Man against machine: is your career automation-proof?

man-vs-machineImage of man at ATM from Shutterstock.

As larger shares of our work processes and workforce are being handled by machines, writer Dayton English gives an examination of the consequences and impact of the systems that were once deployed to make our lives easier are now replacing us, and provides strategies to ensure a robot doesn’t steal your job.

Every day the boundaries of possibility with technology are pushed to new horizons. Advances offer exciting innovations – it’s truly a wonderful time to be alive!

You can summon a driverless car from your smart phone. After a day out you’re free to go home and immerse yourself in a world of virtual reality, and stretch out Continue reading

Bad romance: when co-workers copulate

office-romanceImage of co-workers kissing from Shutterstock.

Your eyes meet over the photocopier, otherwise, early morning dull rides in the elevator morph into an exercise in stomach churning anxiety. “Coffee?” becomes code for “quickie?” in all its flirty, eyelash-fluttering intensity.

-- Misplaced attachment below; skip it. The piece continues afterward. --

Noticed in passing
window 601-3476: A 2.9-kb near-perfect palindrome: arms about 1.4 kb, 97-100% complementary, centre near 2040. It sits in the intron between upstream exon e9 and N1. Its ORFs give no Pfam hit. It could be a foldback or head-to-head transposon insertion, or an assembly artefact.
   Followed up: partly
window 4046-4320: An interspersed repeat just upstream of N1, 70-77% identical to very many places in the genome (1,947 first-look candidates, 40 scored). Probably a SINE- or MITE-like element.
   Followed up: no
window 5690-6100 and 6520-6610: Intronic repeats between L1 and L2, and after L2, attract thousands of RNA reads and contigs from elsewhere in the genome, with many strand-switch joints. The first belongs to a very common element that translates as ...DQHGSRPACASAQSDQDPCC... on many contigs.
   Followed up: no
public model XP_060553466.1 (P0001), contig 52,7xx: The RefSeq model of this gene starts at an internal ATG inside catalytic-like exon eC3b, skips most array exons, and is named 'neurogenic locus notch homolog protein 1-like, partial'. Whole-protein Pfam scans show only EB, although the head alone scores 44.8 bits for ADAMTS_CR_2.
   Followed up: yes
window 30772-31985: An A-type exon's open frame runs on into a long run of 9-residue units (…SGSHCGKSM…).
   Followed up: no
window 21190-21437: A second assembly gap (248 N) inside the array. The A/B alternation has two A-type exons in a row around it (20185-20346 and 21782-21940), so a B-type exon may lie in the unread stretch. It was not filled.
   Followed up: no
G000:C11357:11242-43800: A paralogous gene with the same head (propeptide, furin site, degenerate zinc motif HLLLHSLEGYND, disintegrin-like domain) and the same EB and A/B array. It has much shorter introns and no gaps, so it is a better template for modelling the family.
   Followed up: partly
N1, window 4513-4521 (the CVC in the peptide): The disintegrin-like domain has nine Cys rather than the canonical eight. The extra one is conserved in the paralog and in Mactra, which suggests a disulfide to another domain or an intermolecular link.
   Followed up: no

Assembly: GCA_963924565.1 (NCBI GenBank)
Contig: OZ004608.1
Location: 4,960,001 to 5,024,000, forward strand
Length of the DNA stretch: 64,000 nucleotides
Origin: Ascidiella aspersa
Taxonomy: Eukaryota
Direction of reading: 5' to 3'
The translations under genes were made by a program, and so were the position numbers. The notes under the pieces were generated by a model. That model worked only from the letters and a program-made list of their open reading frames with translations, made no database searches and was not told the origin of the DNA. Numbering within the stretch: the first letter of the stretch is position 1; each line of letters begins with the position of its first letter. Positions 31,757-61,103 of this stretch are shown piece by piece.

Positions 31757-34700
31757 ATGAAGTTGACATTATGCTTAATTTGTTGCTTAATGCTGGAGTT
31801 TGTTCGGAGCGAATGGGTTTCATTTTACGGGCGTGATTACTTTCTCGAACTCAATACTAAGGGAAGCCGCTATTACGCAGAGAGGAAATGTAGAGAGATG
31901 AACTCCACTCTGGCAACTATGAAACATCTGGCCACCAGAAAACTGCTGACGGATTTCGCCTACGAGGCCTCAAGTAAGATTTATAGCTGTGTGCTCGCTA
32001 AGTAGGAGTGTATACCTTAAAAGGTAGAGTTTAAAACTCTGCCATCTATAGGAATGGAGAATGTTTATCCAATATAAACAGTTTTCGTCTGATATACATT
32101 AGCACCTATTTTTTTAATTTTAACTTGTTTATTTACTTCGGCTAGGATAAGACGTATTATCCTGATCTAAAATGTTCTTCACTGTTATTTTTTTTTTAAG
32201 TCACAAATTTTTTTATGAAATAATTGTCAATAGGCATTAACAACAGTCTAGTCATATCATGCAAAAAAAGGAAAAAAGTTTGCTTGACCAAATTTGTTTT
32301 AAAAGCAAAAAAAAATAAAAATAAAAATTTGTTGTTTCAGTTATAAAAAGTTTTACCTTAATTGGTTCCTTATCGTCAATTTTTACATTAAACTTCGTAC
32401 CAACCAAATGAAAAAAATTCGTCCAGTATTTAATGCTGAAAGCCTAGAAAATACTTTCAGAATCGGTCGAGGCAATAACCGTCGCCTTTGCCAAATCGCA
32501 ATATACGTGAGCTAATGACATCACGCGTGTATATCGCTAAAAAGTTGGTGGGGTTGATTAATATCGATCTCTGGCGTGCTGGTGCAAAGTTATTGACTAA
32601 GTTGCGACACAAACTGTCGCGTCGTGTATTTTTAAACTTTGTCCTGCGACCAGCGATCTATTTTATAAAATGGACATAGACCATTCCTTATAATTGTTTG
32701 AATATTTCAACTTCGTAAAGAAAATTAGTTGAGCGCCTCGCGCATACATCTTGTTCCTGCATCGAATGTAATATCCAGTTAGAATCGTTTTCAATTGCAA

Office romances: the last surviving relic of the Madmen era workplace, and a very, very bad idea.

Yet, they are still incredibly popular, Bridget Jones had her Daniel Cleaver, Jim from The Office had Pam and of course – and perhaps most infamously of all, Bill Clinton and Monica Lewinsky. Continue reading

You’re lucky to have a mentor: 10 tips to keep in mind

freshgigs-lucky-you-have-mentor-tooimage of young woman and man from Shutterstock.

Whether it’s finding a mentor willing to take you on, or finding one who fits your needs, consider yourself lucky if it all works out. So, if you’ve got one, and you’d like to keep him or her, for the love of God, don’t piss them off. Writer Fiona Tapp is gonna tell you how to keep your nose clean.

When I started teaching, I was mentored by an amazingly creative and experienced educator, he taught me so much and made me cry a few times, but I will be forever grateful for his tutelage. Over the course of my career, I have been on the other side of the equation and have personally mentored 10 trainee teachers. Continue reading